How to Submit Patches
Cafu is to a large degree a community project, and we need and very much appreciate your help. Your contributions and especially patches are very important for Cafu. Patches help us to add new features, improve code quality and fix bugs, so we are happy and grateful if you contribute them.
However, we have all sort of problems with applying non-standard patches. To make life easier for both you and us, please follow the few simple rules below when submitting patches.
Remember that if you have any questions about the steps here, you can always post them at the Cafu forum and we'll do our best to help you.
Follow the rules
Please read the Coding Conventions and try to conform to them. In particular, please respect the indentation rules (4 spaces, no TABs) – patches are really difficult to read otherwise.
Bug fixes and elegant program solutions often involve complex code that can be difficult to understand without documentation, and an undocumented new feature is hardly useful to anyone but its author.
Therefore, please provide any required documentation such as source code comments (preferably in familiar and simple Doxygen format), high-level overviews, diagrams, etc. Without documentation, another developer would have to write it, and the patch cannot be applied until he has time to do it.
Mechanics of Patch Submission
Use the latest version
Always make your patches against the latest version of Cafu.
In most of the cases, you should make a patch against the head revision of the SVN trunk. You can learn how to checkout the source code from the Subversion repository here.
If you cannot access the Subversion repository (for example when you are behind a firewall), make the patch against the latest source code release from the Downloads page.
Standard patch format
A patch is a single file that contains the differences in all files that you modified. Patch files are small, easy to read and understand and can be applied with a single command, even if the affected files have been changed since the moment when the patch was created.
Therefore, do not send us ZIP archives, whole files, code snippets or other arbitrary text that we'd spend hours trying to understand.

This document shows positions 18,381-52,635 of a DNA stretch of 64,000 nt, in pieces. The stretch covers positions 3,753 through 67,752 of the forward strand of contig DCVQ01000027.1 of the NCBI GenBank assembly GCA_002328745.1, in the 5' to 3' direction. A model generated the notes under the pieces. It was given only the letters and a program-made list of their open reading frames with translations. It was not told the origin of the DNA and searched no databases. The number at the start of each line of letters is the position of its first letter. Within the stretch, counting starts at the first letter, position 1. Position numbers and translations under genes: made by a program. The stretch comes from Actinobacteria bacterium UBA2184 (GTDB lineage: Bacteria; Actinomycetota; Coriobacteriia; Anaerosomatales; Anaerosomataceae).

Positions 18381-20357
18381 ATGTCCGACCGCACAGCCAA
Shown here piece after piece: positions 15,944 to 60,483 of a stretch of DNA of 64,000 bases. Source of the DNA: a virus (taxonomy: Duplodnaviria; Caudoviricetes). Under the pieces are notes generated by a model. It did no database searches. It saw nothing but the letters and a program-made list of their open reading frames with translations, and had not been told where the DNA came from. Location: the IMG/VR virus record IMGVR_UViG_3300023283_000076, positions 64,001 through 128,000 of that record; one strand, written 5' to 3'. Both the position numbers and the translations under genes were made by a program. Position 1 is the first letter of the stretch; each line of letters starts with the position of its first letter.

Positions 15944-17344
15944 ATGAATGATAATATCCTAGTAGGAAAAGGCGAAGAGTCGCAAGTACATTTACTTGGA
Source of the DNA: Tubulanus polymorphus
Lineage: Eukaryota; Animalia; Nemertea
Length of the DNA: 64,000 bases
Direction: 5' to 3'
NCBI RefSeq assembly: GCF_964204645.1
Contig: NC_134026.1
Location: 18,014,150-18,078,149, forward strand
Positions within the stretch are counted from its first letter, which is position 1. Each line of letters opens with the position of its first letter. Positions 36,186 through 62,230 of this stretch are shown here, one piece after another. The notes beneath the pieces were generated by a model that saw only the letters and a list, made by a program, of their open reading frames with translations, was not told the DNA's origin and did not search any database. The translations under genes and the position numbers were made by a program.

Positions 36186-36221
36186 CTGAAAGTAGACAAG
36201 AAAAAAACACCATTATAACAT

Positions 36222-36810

There are several ways to create patches:
- Use TortoiseSVN or a similar GUI client for Subversion. TortoiseSVN integrates into the Windows explorer and can create patches comfortably from the right-click context menu. It also allows you to select the individual files that should or shouldn't be included in the patch. Thus we recommend that you use TortoiseSVN, especially if you don't feel comfortable with using
svn diffat the command-line.
- Also straightforward and easy is the use of
svn diffat the command-line:
svn diff > mypatch.patch
Similar to TortoiseSVN, if your patch adds or removes files, you should run
- If you don't use Subversion at all, you can use the
diffprogram which is a standard part of most Unix systems and is available as part of the Cygwin package or elsewhere for Windows:
diff -uNr Cafu-src-orig Cafu-src-mine > mypatch.patch
-uoption for unified diff output and
-Nfor the new files to be included in the patch.
Standard patch file extensions
Use standard extension
.patch for the patch file.
Omit auto-generated files
Don't include auto-generated files (log files, temporary scripts, etc.) in the patch.
The simplest way to handle this is to use TortoiseSVN, which allows you to select which files should and which files shouldn't be included in the patch. Alternatively, it is also easy to edit the patch to remove the unwanted chunks.
Make atomic patches
A patch should be self-contained – one patch for one thing.
Do not combine multiple new features in a single patch: A patch that adds bitmaps to menu items and fixes a bug in the network code is a bad patch. It should be splitted into two patches.
On the other hand, do not split a single code change into multiple patches: Two patches, one of them being “implementation of new member-functions”, the other “changes in class documentation to accommodate new members” are two bad patches. They are related to one, logically indivisible thing, so they should be in one common patch.
Submitting the Patch
Please do not send the patches to the forum, mailing list, or to any developer's personal email address. Instead, use the issue tracker. Then you will be notified about the progress the patch makes, e.g. when the patch is accepted or if there is a problem with applying the patch.
Describe your changes
Please fill in the ticket form as explained at How to Submit Tickets.